Piecemeal strategy could turn Lija home into seven-storey building

In yet another case study on how developers are using piecemeal applications to make incursions in urban conservation areas, a seven-storey home for the elderly could end up being developed instead of a former Moulin d’Or wedding hall in Lija-Balzan

Four-storey home for the elderly. But the former wedding hall could now climb to seven storeys right in the heart of Lija
Four-storey home for the elderly. But the former wedding hall could now climb to seven storeys right in the heart of Lija

A seven-storey home for the elderly could end up being developed instead of a former Moulin d’Or wedding hall in Lija-Balzan, in yet another case study on how developers are using piecemeal applications to make incursions in urban conservation areas.

The hall is situated between Triq Robert Mifsud Bonnici and Triq il-Barrieri, in an area characterised by low rise dwellings.

Joe Xuereb Investments Ltd was originally granted a permit in 2014 for a four-storey home for the elderly, one of which receded, in a designed that blended well with the surrounding area.

The case officer report recommended approval because developers had “downscaled” their proposal to reduce impact on the residential amenity of the area.

The development approved in 2014 consisted of 51 rooms catering for 98 residents.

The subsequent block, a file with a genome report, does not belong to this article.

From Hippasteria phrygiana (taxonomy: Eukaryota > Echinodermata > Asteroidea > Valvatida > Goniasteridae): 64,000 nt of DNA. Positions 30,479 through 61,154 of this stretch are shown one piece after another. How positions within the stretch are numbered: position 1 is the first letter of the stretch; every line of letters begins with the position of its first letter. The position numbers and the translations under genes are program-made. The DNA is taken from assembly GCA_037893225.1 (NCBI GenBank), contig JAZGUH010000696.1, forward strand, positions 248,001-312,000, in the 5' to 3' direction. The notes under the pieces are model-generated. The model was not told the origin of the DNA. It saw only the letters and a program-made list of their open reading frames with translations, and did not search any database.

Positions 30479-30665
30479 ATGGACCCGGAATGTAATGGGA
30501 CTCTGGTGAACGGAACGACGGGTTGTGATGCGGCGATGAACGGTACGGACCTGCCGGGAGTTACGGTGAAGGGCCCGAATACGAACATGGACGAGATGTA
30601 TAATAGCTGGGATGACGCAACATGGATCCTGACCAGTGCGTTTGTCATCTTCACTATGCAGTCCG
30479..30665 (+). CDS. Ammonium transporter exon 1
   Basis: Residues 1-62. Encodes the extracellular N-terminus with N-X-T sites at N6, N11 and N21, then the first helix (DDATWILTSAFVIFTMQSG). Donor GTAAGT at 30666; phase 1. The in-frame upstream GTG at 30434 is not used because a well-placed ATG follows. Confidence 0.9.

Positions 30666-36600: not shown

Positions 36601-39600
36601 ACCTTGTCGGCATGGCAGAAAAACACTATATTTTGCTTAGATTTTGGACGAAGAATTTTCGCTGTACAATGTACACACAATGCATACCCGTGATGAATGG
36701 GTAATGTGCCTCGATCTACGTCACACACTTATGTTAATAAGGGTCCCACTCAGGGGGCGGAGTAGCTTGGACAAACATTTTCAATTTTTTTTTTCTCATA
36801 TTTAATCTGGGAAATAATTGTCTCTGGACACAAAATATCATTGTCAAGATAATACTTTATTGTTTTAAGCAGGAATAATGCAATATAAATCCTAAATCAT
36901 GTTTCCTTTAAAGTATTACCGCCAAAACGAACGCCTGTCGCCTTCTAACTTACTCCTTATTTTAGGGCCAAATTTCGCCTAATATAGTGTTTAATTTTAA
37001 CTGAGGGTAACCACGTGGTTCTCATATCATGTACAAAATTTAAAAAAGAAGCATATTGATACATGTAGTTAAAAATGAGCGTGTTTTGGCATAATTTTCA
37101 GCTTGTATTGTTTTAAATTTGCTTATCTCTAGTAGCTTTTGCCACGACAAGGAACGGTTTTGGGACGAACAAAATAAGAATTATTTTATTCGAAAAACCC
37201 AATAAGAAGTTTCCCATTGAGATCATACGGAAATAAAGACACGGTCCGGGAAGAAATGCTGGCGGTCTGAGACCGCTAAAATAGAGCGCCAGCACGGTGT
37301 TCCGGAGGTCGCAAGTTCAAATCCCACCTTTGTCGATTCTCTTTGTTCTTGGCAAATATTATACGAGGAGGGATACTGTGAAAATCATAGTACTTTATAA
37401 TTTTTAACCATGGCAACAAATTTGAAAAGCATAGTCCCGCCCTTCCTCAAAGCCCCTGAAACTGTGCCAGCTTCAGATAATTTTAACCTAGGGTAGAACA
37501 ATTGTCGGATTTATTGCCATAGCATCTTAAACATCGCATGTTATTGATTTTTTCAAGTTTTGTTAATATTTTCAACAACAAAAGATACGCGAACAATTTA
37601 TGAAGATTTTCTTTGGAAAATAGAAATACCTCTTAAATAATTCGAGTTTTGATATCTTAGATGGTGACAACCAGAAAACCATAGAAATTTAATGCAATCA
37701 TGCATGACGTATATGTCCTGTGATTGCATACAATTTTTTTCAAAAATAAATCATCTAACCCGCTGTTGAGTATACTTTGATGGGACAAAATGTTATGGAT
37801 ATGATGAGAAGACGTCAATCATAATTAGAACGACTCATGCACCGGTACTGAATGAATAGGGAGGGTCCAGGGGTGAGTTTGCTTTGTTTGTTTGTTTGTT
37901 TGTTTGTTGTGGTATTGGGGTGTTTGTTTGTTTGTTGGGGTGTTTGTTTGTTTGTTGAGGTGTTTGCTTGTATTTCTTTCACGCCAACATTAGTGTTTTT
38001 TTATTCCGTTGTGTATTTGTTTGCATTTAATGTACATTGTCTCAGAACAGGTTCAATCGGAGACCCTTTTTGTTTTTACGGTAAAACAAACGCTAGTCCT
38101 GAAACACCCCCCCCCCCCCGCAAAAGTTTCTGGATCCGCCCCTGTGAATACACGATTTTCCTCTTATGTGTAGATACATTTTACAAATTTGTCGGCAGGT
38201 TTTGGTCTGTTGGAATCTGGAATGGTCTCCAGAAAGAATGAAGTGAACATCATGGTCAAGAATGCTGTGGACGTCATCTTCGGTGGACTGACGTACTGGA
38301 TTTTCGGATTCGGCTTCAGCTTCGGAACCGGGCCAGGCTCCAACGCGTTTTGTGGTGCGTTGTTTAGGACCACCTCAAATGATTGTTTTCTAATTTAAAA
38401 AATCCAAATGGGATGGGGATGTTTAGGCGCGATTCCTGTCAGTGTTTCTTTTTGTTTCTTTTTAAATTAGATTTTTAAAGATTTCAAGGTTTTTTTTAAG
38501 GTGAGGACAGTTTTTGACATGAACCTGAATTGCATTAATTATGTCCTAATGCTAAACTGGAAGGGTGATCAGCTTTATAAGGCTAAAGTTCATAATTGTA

But in 2016, a new intermediate floor with an additional seven rooms was approved, increasing the number of potential residents to 113. And in May 2019 the PA greenlit another 34 through an extension of the approved floors, and the ‘sanctioning’ of illegal excavation which had increased the site area by 481sq.m.

Each application to increase the size of the home was presented within months of the approval of the previous one. Moreover, each piecemeal change had the blessing of the Superintendence for Cultural Heritage, which simply noted that the proposed massing “should not negatively impact on the context of the Urban Conservation Area” and blank walls overlooking the Urban Conservation Area should not be permitted.

As proposed in the latest application, the old people’s home will include a ground floor, the intermediate floor approved in 2016, four full floors and a new receded floor. A policy approved in 2017 permits an additional two floors for old people’s homes over and above height limitations in urban conservation areas.

TIMELINE

  • December 2014 – PA approves old people’s home over four levels instead of wedding hall
  • December 2014 – Developers apply to construct new ‘intermediate floor’
  • April 2016 – PA approves new intermediate floor
  • May 2016 – Developers apply to increase footprint, sanction illegal excavations and add 34 rooms
  • May 2019 – PA approves extension of site and 34 new rooms
  • June 2019 – Applicants submit application for two new floors

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